As someone who wrangles words for a living, I have fondness for puns. I always hope the English football team loses simply because I love the anguished wit of the Fleet Street headlines that inevitably follow.
These losses cause the tabloid press to dedicate its energy to writing pithy lines like Rout of Africa and Eins, zwei, drei your eyes rather than hacking in to Hugh Grant’s mobile phone. Surely everyone is a winner in this situation. Except the English football team.
Plenty of people share my love for puns but the general perception is they are a guilty pleasure, something we enjoy when we should be reading Charles Dickens.
Puns are held in such low esteem because they are associated with the low culture of tabloid headlines and Christmas cracker jokes.
Not even the most committed cultural studies theorist can argue zingers likes “What’s a specimen?” (an Italian astronaut) are worth more than a groan but just as we should not judge all music on the lyrical output of Rebecca Black, nor should we condemn puns based on a joke told in between the turkey and pudding.
At their best puns are able to convey a maximum amount of meanings in a minimum amount of words.
One of the best puns I have seen in recent years is the title of the 2010 Hilary Swank film Conviction.
Swanks plays Betty Anne Waters, a single mother who puts herself through law school in order to represent her brother, who she believes has been wrongly imprisoned. Waters’ deep-seated conviction of her brother’s innocence drives her to overturn his conviction for murder.
No homonyms, no bawdy humour, just an elegant piece of word play that sums up the entire film in a single word.
The effectiveness of puns is so great that even those who criticise them will end up using the device.
English novelist Martin Amis argues puns “offer disrespect to the language, and all they manage to do is make words look stupid”.
This contempt did not stop him including a pun in the subtitle of arguably his best novel, Money: A Suicide Note.
Amis also provides one of the best instances how evocative a pun can be in his 2003 novel Yellow Dog, the story of Xan Meo and his wife Russia.
When Xan rapes his wife he “invaded Russia” and the reader winces, not at the pun itself but rather the brutal imagery it conveys. This is an example of words being far from stupid.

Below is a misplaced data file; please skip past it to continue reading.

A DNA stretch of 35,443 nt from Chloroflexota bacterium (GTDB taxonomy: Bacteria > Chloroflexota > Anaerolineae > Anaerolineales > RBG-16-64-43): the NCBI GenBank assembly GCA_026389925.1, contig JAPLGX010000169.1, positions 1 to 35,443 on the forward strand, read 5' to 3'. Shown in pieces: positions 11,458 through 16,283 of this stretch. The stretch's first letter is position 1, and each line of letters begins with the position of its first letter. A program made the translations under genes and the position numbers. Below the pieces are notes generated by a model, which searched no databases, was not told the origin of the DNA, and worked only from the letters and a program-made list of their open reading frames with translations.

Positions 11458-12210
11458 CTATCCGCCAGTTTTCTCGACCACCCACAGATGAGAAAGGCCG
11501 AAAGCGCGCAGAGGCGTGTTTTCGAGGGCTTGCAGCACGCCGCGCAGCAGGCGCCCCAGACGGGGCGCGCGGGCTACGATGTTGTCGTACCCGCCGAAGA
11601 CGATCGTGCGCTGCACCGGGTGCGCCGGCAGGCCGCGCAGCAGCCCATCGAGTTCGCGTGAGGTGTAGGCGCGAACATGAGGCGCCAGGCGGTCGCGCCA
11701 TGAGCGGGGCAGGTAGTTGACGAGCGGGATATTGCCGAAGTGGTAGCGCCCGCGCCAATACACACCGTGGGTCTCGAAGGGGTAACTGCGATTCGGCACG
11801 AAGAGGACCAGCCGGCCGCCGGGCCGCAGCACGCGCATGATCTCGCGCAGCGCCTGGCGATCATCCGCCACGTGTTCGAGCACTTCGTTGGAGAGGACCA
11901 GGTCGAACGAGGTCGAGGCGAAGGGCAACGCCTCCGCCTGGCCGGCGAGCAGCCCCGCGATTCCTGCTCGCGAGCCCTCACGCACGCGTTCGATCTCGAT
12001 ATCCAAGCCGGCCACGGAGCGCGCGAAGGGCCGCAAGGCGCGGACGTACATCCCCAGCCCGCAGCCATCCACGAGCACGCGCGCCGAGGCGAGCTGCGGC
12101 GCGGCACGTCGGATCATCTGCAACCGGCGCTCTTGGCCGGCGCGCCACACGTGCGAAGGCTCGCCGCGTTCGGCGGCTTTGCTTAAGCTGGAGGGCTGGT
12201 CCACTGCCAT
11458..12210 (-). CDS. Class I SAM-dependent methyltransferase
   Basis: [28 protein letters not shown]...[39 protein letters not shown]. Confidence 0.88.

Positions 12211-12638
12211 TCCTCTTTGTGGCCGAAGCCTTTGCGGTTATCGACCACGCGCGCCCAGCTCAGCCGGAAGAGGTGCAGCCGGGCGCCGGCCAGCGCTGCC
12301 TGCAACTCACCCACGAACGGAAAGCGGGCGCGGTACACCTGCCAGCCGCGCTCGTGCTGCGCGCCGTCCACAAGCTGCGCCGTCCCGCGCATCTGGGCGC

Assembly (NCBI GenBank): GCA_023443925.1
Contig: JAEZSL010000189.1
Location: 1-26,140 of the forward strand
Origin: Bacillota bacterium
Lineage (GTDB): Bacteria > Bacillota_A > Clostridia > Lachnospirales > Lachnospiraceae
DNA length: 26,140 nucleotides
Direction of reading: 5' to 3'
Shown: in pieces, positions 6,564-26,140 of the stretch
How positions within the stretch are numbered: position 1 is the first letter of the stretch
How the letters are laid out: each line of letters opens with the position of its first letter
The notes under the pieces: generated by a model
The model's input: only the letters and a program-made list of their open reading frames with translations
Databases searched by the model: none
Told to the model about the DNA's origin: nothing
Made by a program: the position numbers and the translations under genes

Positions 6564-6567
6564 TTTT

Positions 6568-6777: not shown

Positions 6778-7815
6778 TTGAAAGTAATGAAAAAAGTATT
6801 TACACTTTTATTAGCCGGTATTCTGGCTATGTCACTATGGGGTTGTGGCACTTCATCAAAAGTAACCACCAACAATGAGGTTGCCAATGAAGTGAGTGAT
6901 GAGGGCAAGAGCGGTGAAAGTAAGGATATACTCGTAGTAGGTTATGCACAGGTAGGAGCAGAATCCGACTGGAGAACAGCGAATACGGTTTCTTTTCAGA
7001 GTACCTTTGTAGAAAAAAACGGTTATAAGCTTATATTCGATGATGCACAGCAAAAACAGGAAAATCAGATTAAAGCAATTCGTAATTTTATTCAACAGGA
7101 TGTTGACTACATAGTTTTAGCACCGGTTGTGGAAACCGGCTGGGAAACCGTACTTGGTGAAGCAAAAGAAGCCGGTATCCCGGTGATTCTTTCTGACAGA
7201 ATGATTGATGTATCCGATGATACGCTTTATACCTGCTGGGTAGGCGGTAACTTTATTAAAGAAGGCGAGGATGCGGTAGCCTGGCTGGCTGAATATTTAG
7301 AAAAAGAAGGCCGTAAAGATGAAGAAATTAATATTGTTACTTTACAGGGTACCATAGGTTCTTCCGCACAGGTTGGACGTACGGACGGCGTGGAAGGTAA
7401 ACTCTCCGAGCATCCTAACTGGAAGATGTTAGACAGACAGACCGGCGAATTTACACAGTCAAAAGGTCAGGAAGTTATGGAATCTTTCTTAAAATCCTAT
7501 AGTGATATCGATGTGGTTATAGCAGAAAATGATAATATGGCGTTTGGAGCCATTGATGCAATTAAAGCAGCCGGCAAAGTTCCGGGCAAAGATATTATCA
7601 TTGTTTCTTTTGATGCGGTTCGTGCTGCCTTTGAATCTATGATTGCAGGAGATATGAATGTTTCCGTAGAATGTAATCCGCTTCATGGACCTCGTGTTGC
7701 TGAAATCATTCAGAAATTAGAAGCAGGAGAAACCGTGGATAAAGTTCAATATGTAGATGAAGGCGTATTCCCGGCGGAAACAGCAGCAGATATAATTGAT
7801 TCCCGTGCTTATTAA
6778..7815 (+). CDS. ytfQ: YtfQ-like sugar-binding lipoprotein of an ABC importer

And if Amis cannot unwittingly make puns respectable then consider two classics of English literature, William Shakespeare’s Richard III and Oscar Wilde’s The Importance of Being Earnest.
The title of Wilde’s play refers to the name Ernest, a false identity one character has assumed in order to woo a girl, as well as the inordinate importance polite society placed of being earnest and serious.
Shakespeare begins Richard III with the famous speech “Now is the winter of our discontent/ Made glorious summer by this sun of York.”
The “sun of York” is King Edward IV, who both wore a sun as his personal symbol and was the son of the Duke of York.
Amis, Shakespeare and Wilde all used the pun not for a cheap laugh but to convey meaning in an interesting and efficient way.
The best puns are true double entendres, with both meanings understandable independent of each other while still contributing to the overall image.
“Son of York” is just as relevant as “sun of York” to the context of the speech and each makes sense on their own.
While the sub-editor who wrote Fritz All Over isn’t the the literary equal of Shakespeare, they both draw from the English language’s grand tradition of puns.
By all means, ridicule your drunken uncle the next time he tells you how hard it is taking inventory in Afghanistan because of the tally ban. Just remember remember the pun’s higher form, for it is merely a humble servant striving to bring laughter and meaning to our communication.